Published July 29, 2016
By Sarah Goldthrite
“I still remember everything about my first patient death – his name, his room number, his plaid flannel pajamas – every little detail. It was very traumatic. I’ve heard many medical residents say the same.”
Kelly Foltz-Ramos, clinical lab coordinator and clinical assistant professor in the UB SON, says inadequate preparation for dealing with death is a contributing factor in turnover for medical and health care professionals who may not know how to cope with the death of a patient – and this educational gap could have a damaging effect on patients and families. Her recent study, “Education about Death across the Professions,” explores the efficacy of methods used to prepare students of medical and human services fields to cope with death.
“Nursing students have insufficient training in death and dying,” says Foltz-Ramos. “This inadequate education negatively affects patient care and patients’ families – how professionals communicate death can have a lifelong impact on survivors.”
Although lecture has been shown to cause death anxiety, 75 percent of death education is still delivered through lecture.
Another reason this is problematic, says Foltz-Ramos, is that if a student doesn’t want to talk about death, and that student is learning via lecture, then the student doesn’t necessarily have to be engaged.
She also found that the most cited model used in death and dying instruction – and the model Foltz-Ramos learned as a nursing student – is Kübler-Ross’ “Grief Cycle,” which may not be the most appropriate model for teaching students about coping with and understanding death and grief.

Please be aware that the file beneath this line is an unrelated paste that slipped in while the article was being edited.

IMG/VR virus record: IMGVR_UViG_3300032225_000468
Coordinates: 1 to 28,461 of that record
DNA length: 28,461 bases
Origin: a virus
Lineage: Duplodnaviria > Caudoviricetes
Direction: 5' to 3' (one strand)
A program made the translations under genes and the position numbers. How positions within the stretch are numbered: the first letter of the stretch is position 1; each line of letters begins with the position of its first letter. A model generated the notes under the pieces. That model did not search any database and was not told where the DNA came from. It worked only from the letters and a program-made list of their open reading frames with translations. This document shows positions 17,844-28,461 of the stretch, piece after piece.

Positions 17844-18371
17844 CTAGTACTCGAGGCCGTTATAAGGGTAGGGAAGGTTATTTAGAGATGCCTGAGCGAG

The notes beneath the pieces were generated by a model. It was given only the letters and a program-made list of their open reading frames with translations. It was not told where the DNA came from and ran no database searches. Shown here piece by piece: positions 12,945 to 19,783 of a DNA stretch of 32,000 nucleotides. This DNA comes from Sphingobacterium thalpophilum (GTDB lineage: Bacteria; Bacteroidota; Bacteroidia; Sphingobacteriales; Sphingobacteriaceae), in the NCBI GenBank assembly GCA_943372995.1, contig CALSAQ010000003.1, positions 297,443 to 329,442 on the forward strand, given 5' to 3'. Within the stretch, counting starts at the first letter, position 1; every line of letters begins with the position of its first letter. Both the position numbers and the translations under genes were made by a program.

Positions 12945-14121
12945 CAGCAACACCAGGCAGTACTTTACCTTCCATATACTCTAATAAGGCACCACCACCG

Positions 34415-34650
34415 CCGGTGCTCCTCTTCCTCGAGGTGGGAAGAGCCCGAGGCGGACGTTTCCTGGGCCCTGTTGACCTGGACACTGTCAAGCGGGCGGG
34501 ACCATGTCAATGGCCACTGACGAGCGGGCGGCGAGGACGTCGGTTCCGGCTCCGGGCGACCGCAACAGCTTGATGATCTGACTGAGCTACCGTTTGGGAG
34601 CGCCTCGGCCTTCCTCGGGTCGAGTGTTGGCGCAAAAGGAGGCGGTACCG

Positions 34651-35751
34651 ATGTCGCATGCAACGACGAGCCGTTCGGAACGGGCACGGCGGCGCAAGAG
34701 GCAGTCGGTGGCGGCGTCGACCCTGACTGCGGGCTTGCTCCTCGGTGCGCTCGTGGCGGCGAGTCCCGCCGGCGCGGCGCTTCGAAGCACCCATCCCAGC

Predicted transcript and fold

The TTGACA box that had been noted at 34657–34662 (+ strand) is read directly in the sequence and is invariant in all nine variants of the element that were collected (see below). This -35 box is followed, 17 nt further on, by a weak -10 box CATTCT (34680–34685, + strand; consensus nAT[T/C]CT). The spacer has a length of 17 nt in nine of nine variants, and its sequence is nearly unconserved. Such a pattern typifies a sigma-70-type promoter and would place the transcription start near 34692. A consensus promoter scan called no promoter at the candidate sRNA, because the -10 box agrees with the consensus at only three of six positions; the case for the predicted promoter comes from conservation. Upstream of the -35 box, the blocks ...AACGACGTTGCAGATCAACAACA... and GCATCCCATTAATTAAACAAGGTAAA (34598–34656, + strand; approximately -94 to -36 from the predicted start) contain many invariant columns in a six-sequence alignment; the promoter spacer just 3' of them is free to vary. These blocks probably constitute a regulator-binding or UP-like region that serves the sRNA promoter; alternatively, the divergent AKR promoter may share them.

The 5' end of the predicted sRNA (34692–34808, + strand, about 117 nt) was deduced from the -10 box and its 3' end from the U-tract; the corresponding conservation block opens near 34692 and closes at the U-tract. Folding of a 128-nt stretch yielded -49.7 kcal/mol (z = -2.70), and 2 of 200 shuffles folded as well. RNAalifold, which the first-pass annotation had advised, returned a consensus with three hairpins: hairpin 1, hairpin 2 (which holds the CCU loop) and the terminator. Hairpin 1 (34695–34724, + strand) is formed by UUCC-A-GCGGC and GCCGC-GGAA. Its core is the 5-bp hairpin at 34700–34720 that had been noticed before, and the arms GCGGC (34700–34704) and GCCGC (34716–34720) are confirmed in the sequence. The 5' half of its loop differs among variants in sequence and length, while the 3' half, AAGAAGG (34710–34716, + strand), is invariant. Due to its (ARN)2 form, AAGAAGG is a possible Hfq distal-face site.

“The Kübler-Ross model is very much anticipatory,” Foltz-Ramos explains. “It is somewhat linear, though individuals can shift back and forth between the stages. From my observation, Stoebe and Schut’s ‘Dual Process Model of Coping with Bereavement’ aligns more with a survivor’s experience.”
The model includes two states, loss-oriented and restoration-oriented, and says that an individual coping with death experiences a dynamic, rather than linear, grieving process.
“An individual coping with death could be in a good state – a restoration-oriented state – then see a reminder of the person who died and enter back into a loss-oriented state. It's an oscillation rather than a movement through stages.”
This process speaks to the necessity of self care, as it allows individuals to cope in ways that are most helpful to or productive for each individual – at times people need distraction from grief, while at other times they may feel the need to deal with grief more directly. And it’s person-centered, as it provides a clearer picture of an individual’s grieving process.
Foltz-Ramos says integration of self-care and experiential learning with high-fidelity simulation in curricula would help students address their own feelings about death and dying.
This will ultimately improve coping skills, both personally and in practice, for nurses and other professionals who encounter death. Improved coping skills and a more developed understanding of the grieving process ultimately means better communication with families and patients themselves and better self and patient care.
“Experiential learning is an important aspect of death education,” Foltz-Ramos explains. “Students who receive experiential education have the opportunity to reflect on death and dying versus someone telling them how to act and what they will experience. The most important part of this is that students have an opportunity to reflect on and talk about their experience and feelings. If we can provide education about death appropriately, we can change the students’ attitudes, behaviors and intentions in a positive way.”
For her dissertation, Foltz-Ramos, who is working toward a doctorate in education, is planning to design nursing curriculum for experiential death education.